Barbie, the Internet of Things and what they mean for your privacy

Barbie, the Internet of Things and what they mean for your privacy

Heather Parry

By Heather Parry

02 March 2015

Barbie and the Internet of Things might not, at first, seem to have that much in common, but one news story brought them together in a whole new way last week.

Mattel have just announced a new wi-fi enabled doll, Hello Barbie, which will record your children and send that information off to a database in order for Barbie to speak back to your child – which is terrifying in more ways than just the obvious Bride of Chucky one.

The dolls will interact by recalling previous talks, listening and replying – that is, they will access the database of interactions via wi-fi to figure out what the child is saying, then will response in an appropriate way. This will necessitate the recording of children while they’re playing with Hello Barbie.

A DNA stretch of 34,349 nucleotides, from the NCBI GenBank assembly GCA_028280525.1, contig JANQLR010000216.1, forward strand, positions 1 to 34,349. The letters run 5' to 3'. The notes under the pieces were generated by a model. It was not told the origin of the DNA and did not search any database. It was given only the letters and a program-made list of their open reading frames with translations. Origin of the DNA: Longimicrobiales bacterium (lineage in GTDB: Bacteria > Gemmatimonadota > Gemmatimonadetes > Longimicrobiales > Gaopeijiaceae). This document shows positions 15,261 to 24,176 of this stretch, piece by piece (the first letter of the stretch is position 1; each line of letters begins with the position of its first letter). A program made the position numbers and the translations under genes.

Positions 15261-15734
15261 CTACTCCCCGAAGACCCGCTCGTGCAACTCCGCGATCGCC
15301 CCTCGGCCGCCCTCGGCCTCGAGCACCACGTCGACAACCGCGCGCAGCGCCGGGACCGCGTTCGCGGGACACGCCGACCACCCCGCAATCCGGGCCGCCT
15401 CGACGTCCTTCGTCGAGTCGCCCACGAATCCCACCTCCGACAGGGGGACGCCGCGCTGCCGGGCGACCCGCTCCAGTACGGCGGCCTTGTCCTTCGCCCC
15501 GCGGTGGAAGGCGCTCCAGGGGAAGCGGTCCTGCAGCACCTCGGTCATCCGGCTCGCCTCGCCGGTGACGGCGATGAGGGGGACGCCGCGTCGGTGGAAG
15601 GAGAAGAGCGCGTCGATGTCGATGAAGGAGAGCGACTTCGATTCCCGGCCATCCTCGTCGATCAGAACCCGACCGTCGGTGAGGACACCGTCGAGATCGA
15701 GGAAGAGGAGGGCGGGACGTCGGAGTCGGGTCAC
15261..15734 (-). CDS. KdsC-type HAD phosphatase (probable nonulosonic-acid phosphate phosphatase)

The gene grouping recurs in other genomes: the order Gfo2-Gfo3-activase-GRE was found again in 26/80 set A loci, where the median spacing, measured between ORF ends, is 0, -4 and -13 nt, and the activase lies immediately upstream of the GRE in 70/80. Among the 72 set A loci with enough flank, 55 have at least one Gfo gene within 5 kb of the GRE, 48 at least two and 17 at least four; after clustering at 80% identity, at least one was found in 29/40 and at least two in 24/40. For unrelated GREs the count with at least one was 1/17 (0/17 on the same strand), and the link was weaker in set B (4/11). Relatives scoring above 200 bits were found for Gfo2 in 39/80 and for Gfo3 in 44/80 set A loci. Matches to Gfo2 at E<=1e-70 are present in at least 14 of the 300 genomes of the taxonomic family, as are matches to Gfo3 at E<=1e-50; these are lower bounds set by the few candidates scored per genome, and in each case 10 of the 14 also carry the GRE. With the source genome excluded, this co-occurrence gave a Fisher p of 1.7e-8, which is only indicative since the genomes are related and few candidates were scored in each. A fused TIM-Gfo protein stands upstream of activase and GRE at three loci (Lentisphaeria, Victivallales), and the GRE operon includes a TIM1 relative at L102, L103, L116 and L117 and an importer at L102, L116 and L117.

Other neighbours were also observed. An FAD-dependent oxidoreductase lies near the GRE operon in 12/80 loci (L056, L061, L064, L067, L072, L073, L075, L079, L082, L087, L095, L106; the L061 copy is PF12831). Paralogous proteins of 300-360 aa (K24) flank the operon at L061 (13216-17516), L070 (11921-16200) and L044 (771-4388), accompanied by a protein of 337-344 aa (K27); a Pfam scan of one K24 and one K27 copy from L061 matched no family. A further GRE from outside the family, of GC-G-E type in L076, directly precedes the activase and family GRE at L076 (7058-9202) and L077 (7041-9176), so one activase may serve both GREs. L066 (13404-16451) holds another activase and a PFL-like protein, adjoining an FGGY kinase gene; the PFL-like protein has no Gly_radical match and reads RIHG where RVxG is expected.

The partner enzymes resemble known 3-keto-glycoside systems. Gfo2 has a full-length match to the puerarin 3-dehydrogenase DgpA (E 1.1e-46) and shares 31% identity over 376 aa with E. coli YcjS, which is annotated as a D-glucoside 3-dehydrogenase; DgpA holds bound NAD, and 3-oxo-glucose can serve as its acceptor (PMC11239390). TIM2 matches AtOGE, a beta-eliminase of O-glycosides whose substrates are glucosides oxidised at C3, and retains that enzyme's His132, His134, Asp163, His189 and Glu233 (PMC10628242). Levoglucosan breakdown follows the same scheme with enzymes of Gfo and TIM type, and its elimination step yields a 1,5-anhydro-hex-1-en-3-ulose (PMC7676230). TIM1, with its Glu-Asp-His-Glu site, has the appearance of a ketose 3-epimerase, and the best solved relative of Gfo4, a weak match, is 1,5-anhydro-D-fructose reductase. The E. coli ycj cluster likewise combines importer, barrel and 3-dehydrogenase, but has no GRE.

How does this tie into the Internet of Things, and why is it so scary?

The Internet of Things is the industry term for the ever-expanding network of physical objects embedded with electronics, allowing them to exchange data with the manufacturer or operator. This includes cell phones, heart-monitoring implants, biochips – and now Barbie.

There has been a lot of discussion in general about the Internet of Things and its potentially negative effects on our privacy; if so many things can record our data, how can we possibly hope to retain any control over that?

Those already spooked by this will be even more worried about the Internet of Things expanding into the playrooms of their children – and with good reason too.

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